So if this has helped or hindered you let me know.
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    Thanks for these tutorials! i have been reading them since lastnight lol. Please keep them comming! I'm adding these to my binder for me to study.

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    Nice tutorial about explaining the Null Scan

    I would like to point out nmap has yet again been updated.
    Now it's version 4.53 and i wonder how soon the next version
    will be released. Sorry to the moderators if i already said this
    [quote][I]I realized, that I had fallen down from the top of the mountain into a deep, terrifying and dark hole, just to find out that another mountain in front of me, much greater than the previous, was the next step in life. I began to wander uphill on the next mountain of life while I knew it would be much harder than the previous mountain. [/I]- MaXe[/quote]

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    kysuke -Thanks for these tutorials! i have been reading them since lastnight lol. Please keep them comming! I'm adding these to my binder for me to study.
    You are quite welcome! I am glad that after 90 some odd views someone found it interesting enough to comment on.


    Quote Originally Posted by MaXe Legend View Post
    Nice tutorial about explaining the Null Scan

    I would like to point out nmap has yet again been updated.
    Now it's version 4.53 and i wonder how soon the next version
    will be released. Sorry to the moderators if i already said this

    Yes I know it has but the methodology used is still the same.
    Thanks for the comment none the less. !
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    Well I'd like also to say thanks for all of the Port Scanning Tuts especially number 4.

    I didn't want to write 5 replies so I'll just put all my thanks in this one.

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    Thanks again

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    Just finished a long night on google, searching for nmap scaning.
    Came back home to remote and find your tutorials.

    Thankyou.
    Your tutorials answered some questions i was looking for.

    Look forward to part 6?

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    Quote Originally Posted by anathema View Post
    Well I'd like also to say thanks for all of the Port Scanning Tuts especially number 4.
    I didn't want to write 5 replies so I'll just put all my thanks in this one.
    Quote Originally Posted by wallsballs View Post
    Thanks again

    Quote Originally Posted by doggy View Post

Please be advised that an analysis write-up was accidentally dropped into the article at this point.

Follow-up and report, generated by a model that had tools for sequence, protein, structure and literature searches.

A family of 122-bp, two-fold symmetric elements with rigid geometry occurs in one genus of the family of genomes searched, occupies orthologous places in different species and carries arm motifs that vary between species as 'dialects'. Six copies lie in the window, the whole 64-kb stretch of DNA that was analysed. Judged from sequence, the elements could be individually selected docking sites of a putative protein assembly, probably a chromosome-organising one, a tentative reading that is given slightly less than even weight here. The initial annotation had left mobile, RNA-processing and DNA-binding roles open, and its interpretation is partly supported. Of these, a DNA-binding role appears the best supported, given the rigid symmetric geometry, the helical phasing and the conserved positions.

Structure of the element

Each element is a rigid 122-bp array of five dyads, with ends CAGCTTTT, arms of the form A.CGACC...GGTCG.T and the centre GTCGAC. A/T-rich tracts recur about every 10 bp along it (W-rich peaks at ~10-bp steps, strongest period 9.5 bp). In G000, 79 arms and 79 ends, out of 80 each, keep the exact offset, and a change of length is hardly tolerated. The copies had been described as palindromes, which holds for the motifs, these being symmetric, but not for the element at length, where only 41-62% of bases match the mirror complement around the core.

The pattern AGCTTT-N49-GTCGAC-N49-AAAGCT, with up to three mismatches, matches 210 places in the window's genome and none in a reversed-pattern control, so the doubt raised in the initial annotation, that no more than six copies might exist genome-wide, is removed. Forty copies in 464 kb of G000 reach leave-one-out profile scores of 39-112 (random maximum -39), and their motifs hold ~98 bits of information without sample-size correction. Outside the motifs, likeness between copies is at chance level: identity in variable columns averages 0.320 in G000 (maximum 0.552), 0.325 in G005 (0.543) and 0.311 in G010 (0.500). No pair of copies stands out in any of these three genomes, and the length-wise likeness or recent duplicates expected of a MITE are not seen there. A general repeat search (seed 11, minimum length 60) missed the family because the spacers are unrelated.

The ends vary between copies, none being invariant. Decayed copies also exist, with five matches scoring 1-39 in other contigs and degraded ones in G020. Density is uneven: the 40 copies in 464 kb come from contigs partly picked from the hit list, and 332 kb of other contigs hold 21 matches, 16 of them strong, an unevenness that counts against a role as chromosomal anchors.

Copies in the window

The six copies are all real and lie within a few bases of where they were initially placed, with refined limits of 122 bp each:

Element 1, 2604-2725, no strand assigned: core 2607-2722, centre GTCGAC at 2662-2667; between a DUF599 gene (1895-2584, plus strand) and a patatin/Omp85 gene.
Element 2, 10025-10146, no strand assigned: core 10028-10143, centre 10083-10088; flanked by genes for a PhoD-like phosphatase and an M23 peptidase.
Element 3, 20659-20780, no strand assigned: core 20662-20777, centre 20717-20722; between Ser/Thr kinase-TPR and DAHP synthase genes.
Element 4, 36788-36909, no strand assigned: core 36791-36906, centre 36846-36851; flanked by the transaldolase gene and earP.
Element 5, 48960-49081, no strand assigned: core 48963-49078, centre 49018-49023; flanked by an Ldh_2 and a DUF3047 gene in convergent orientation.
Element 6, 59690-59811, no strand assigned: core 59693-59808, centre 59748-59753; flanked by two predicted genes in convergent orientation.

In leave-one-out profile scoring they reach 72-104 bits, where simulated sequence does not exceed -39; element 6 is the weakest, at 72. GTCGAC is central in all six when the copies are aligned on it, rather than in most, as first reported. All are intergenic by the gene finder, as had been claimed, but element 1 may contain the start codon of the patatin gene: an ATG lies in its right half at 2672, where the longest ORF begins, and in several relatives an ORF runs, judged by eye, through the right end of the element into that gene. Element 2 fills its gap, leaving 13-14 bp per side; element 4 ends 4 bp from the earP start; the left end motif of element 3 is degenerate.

Just finished a long night on google, searching for nmap scaning. Came back home to remote and find your tutorials.
    Thankyou. Your tutorials answered some questions i was looking for.
    Look forward to part 6?

    Thanks anathema, wallsballs, and doggy for reading and commenting

    Sorry for the long delay in responding.


    As for a part 6 well I am not sure if there is anything left to cover but If you through some suggestions my way I will try and get another one up here.


    /shameless plug Search under my user name and you will find other tutorials as well. /end shameless plug
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    what IDS set up were you running to determine that "we probably did not set off any alarms"

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    Quote Originally Posted by __CG__ View Post
    what IDS set up were you running to determine that "we probably did not set off any alarms"
    What I used is irrelevant in this case. The reason is because I did a "null scan"
    and the timing was set to paranoid. Now I did not show that in the tutorial because I wanted to keep it simple. Maybe at a latter date I can do another one or whatever. It is not the IDS or lack thereof that was important but rather doing a null scan sends out very little noise on the wire. This is important if you feel that your target may have the capabilities to detect said noise.

    So your next question is how do I evade or avoid setting off alarms?

    Well during your information gathering phases one needs to try and determine if the target would have the money/resources/manpower to setup and monitor some sort of IDS in the first place. If the answer is no then no need to worry.

    Hope that clears some things up. If not feel free to ask away.